(TL:DR – lockouts still suck, Sydney’s violence problem has moved not been resolved, the government still has its head in the sand)
By Andy Young & Stefanie Collins
All of the reported anecdotal evidence regarding the redistribution of violence in Sydney after the introduction of lockouts has been vindicated in a new study by the NSW Bureau of Crime Statistics and Research (BOCSAR).
The study has found that assaults have increased in entertainment-heavy areas around the Kings Cross and Sydney CBD lockout precincts.
While the areas within the Entertainment Precinct defined by the lockouts continue to show downward trends in non-domestic assaults in neighbouring areas, where no such laws exist, it is a different story.
The BOCSAR figures show the suburbs bordering the lockout zone, which includes The Star Casino plus other venues around Ultimo and Surry Hills, have seen a 12 per cent increase in non-domestic assaults.
Other areas close to the lockout zone, including Double Bay, Newtown and Bondi, have seen a 17 per cent rise in non-domestic assaults.
The report says: “The statistically significant rise in the surrounding and nearby suburbs, as well as the generally stable state-wide trend in non-domestic assaults, lend further support to the proposition that the drop in the target sites was due to the specific licensing restrictions affecting those sites rather than other unmeasured factors (e.g. economic conditions) or other components of the liquor law reforms (e.g. bottle shop closures).”
It adds: “What is clear from the current study is that the impact of the NSW 2014 liquor law reforms on levels of violence in the inner Sydney area needs to be regularly reviewed and continually monitored. It cannot be assumed that the initial positive impact achieved by the lockouts and last drinks laws, which was clearly evident immediately after the changes were enacted, will be maintained over the longer term or that enforcing the current licensing restrictions in the Kings Cross and Sydney CBD Entertainment precincts will have no adverse impact on surrounding neighbourhoods.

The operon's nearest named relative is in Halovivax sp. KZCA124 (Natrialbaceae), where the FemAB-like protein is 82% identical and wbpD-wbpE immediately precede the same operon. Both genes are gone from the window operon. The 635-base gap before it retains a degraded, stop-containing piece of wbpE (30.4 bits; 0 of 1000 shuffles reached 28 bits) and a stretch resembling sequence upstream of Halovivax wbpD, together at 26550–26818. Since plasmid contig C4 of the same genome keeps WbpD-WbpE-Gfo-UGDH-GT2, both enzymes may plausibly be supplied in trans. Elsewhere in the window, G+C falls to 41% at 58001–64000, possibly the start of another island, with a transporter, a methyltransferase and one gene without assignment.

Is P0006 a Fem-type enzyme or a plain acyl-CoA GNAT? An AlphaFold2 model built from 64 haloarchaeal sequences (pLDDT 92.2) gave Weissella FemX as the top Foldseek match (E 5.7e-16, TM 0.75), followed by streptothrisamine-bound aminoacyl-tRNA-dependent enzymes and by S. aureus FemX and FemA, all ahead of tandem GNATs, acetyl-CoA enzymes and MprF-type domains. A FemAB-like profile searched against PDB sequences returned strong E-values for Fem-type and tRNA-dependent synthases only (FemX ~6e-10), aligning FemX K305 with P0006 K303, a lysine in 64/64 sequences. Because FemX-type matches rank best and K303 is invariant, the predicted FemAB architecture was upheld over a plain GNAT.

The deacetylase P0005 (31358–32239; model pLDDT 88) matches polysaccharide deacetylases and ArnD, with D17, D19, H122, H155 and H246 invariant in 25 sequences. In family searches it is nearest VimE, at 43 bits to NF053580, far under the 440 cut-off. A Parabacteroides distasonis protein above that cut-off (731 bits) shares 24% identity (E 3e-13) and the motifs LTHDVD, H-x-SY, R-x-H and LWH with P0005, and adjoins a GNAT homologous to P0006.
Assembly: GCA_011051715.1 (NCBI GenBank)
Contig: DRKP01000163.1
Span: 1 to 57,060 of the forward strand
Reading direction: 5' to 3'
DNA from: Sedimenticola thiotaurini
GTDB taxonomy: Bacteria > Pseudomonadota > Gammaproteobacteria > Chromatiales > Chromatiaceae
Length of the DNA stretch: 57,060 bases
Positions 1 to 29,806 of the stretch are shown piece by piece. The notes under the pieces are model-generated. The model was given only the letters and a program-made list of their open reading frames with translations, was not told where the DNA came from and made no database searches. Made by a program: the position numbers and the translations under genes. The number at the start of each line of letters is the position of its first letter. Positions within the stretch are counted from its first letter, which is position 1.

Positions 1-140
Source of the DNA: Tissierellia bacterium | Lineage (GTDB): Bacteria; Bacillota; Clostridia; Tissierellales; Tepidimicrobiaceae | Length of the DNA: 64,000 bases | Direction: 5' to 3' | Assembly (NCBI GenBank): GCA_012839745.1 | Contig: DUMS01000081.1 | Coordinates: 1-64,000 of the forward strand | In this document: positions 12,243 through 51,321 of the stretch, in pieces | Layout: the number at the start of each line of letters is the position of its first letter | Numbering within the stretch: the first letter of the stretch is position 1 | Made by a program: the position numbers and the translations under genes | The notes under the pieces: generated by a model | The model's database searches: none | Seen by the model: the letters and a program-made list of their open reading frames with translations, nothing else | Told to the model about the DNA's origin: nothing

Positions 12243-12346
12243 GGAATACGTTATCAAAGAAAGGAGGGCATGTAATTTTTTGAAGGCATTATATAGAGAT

“The extent to which a future net benefit can be achieved with the more relaxed lockouts and last drinks now being trialled in the Sydney CBD and Kings Cross Precincts is, as yet, unknown.”
Commenting on the findings, the director of BOCSAR, Dr Don Weatherburn, said that it looks as if the effects of the lockout laws have not yet fully played out.
“It remains the case, however, that the decline in assaults in Kings Cross and the Sydney CBD is still much larger than the increase in assaults in the displacement areas.”
Keep Sydney Open said in a statement that the report proves it is time to re-examine Sydney’s lockout laws.
The lockouts have been found to displace assaults to neighbouring precincts, a phenomenon that is consistent with all the anecdotal evidence that has come in over the last three years,” the group said in a statement.
“The NSW Bureau of Crime Statistics director, Don Weatherburn, even says the effects of the laws have not yet fully played out. Melbourne dropped them, and Queensland aborted their plan to introduce lockouts. That leaves Sydney’s nightlife as the laughing stock of the nation, and indeed the world.
“It’s time to rethink these terrible laws.”
Meanwhile the NSW Racing Minister Paul O’Toole said the reduction in violence in Kings Cross and the CBD far outweighs the displacement of alcohol-related violence, with a net decrease of more than 600 incidents.
“I am fully supportive of a vibrant and safe nightlife. As Australia’s international city, Sydney deserves nothing less. At all times, the Government will be guided by the evidence as we fine-tune liquor regulations,” the Minister said.
He added that the Government has “no plans to extend the scope of the existing lockout area”, adding, “we will continue to monitor the impact of these laws”.
AHA NSW Director of Liquor and Policing John Green told TheShout: “We are pleased to see the State Government confirming it has no plans to expand the scope of the existing lockout area.
“AHA NSW also looks forward to the Government’s liquor reform legislation, announced late last year, passing Parliament in coming months.”